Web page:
Belching: How does it work?

The belch seems like a simple rapid act with no clinical significance, but many studies suggest otherwise. Although most of the belch response occurs over a period of less than two seconds, the belch is actually composed of three independent reflex responses which involve many organs. In addition, recent studies suggest that the reflexes involved in belching may play a role in reflux disease.

The first reflex response of the belch (Figure: Belch 1) is inhibition of the muscle barrier between the stomach and esophagus that is created by contraction of lower esophagus and diaphragm (Figure: A and E). This reflex is activated by air causing tension in the muscle fibers of the wall of the stomach that is just under the esophagus (Figure: B, C and D). The result is that the air bolus which is under pressure from the stomach wall rapidly escapes into the lower esophagus (Figure: B). This reflex is mediated by the brain through the vagus nerves.

The rapid movement of air into the lower esophagus simultaneously activates two other reflexes. The second belch reflex (Figure: C and D, Belch 2) is the inhibition of the muscle barrier between the esophagus and pharynx, i.e. throat, which is created by pharyngeal muscles. In addition, this reflex also activates muscles which act to pull the esophago-pharyngeal barrier open (Figure: C and D). It is probably this rapid air movement across the pharynx that causes the sound of the belch. This reflex is also mediated by the brain through the vagus nerves. At the same time, the third belch reflex (Figure: D, Belch 3) is activated which initiates a contraction wave of the upper esophagus that moves upward toward the mouth carrying the air bolus to the top of the esophagus. This reflex is probably mediated by the spinal cord. The result of these two reflexes is to move the air bolus from the lower esophagus into the oral cavity.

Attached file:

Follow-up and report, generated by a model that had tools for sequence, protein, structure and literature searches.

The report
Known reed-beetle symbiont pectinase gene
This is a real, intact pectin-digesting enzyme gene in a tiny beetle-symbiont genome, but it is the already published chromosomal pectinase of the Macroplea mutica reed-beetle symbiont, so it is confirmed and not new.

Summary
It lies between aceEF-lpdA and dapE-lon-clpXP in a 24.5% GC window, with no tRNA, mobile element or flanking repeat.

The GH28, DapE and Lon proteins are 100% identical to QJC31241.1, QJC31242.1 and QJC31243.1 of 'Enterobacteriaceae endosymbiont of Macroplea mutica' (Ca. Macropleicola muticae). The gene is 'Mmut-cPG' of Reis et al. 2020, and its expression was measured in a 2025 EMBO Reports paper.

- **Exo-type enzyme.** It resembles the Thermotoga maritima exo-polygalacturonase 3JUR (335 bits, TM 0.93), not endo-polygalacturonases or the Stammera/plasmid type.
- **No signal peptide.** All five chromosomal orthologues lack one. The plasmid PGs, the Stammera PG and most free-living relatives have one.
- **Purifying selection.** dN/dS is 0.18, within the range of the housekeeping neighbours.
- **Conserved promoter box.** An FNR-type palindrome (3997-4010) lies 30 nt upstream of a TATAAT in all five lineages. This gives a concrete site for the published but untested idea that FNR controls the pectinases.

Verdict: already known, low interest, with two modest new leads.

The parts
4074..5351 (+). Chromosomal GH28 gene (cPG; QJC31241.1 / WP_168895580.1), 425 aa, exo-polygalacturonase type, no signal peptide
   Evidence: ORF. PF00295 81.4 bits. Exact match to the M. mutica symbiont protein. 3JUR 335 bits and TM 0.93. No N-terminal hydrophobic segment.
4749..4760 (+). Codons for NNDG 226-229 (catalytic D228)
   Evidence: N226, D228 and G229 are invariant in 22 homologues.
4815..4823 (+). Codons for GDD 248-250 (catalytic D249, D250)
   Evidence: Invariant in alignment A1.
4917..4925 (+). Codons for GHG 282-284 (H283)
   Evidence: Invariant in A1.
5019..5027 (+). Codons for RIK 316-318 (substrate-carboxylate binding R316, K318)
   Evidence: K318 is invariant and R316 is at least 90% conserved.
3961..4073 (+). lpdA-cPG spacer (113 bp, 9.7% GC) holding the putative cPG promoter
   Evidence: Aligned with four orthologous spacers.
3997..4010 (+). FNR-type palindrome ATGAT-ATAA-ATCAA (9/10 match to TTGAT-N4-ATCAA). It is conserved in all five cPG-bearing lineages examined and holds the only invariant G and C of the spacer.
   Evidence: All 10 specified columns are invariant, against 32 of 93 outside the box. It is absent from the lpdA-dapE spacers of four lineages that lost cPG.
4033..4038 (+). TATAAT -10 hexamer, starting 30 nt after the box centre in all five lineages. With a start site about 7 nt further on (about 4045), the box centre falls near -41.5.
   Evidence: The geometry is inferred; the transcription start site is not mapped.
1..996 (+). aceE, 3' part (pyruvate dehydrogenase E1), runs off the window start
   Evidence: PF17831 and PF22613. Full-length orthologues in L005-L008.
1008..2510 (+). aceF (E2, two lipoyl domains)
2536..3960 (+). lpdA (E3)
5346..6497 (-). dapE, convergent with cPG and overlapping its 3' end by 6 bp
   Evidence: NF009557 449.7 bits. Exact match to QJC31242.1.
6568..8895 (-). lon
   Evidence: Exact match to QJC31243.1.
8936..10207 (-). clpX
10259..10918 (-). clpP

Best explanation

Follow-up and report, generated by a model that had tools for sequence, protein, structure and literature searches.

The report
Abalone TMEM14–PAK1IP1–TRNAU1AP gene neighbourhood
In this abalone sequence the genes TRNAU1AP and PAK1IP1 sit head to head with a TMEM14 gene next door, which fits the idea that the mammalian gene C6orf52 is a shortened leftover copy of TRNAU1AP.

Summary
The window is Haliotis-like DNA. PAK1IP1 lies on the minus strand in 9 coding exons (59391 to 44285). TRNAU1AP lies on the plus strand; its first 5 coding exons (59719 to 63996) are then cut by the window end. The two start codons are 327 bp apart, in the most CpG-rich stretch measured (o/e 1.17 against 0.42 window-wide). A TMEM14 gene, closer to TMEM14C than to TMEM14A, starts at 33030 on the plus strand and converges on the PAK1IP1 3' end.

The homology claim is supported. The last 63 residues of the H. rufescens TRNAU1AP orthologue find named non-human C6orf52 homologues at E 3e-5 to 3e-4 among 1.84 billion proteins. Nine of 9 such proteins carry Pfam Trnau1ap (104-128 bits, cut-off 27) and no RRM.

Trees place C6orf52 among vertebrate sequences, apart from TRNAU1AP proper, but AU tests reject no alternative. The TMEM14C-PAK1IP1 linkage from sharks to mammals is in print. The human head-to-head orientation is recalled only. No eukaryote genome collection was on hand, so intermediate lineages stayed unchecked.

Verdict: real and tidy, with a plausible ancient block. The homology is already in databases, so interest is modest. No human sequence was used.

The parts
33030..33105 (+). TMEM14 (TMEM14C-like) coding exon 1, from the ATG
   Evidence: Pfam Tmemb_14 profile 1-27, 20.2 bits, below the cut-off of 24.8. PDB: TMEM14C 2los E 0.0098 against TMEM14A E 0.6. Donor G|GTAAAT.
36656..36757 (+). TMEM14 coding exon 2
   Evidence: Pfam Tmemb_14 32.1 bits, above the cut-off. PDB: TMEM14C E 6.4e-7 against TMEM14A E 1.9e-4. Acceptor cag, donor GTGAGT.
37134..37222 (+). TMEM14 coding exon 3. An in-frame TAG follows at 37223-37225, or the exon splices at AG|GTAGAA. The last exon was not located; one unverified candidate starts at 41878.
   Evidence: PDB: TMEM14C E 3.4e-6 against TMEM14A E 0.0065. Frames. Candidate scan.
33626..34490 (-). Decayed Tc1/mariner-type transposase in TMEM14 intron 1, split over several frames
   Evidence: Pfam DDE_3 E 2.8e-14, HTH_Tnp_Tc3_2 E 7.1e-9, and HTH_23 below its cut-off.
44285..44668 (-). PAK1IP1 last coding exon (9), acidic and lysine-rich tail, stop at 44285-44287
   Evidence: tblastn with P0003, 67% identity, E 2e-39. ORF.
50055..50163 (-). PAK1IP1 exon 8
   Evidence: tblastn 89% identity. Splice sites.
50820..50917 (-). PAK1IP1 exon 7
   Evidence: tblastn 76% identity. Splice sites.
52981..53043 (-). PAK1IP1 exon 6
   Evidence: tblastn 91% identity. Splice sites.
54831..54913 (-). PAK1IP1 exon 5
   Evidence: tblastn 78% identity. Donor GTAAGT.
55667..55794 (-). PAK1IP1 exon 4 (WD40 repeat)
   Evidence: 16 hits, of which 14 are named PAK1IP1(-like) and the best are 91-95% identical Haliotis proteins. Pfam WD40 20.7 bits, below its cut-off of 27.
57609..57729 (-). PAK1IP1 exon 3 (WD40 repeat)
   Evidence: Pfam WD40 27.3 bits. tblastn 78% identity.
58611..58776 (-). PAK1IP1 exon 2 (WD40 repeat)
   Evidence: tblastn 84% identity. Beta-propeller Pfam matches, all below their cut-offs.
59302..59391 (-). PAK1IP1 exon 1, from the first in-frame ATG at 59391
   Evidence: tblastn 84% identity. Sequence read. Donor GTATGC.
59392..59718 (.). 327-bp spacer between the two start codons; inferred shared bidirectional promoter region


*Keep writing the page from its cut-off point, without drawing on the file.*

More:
The brain area that primarily controls the belch response is the area postrema which is in the medulla or hind brain. This is the most primitive part of the brain and the area that also controls much of the vomit response.

The occasional reflux of acid into the esophagus from the stomach is a normal event in most people. This gastro-esophageal reflux of acid becomes reflux disease when the reflux is excessive and/or when it causes pain and/or damage to the esophagus, pharynx, or larynx, i.e., voice box. Gastro-esophageal reflux disease (GERD) is probably due in part to the inappropriate activation of the initial belch reflex response (Belch 1) that facilitates movement of gastric contents from the stomach into the esophagus. Esophago-pharyngeal or laryngeal reflux disease (EPR), also called supra-esophageal reflux disease (SERD) can occur without GERD. SERD is likely due to the inappropriate activation of the belch reflex (Belch 2) that causes inhibition of the barrier between the esophagus and pharynx. SERD is probably caused, in part, by sensitization of the sensory components of this reflex in the wall of the esophagus by acid that had refluxed from the stomach.

Therefore, athough belching is a benign reflex response, the component reflexes of the belch response probably serve as the transport mechanisms for the reflux of acid into the esophagus, pharynx and larynx that results in reflux disease

Ivan M. Lang
Division of Gastroenterology and Hepatology, Department of Medicine,
Medical College of Wisconsin, Milwaukee, WI, USA
Dysphagia Institute Animal Research Laboratory, MACC Fund Research Center,
Medical College of Wisconsin, Milwaukee, WI, USA


The Physiology of Eructation.
Lang IM
Dysphagia. 2015 Dec 22


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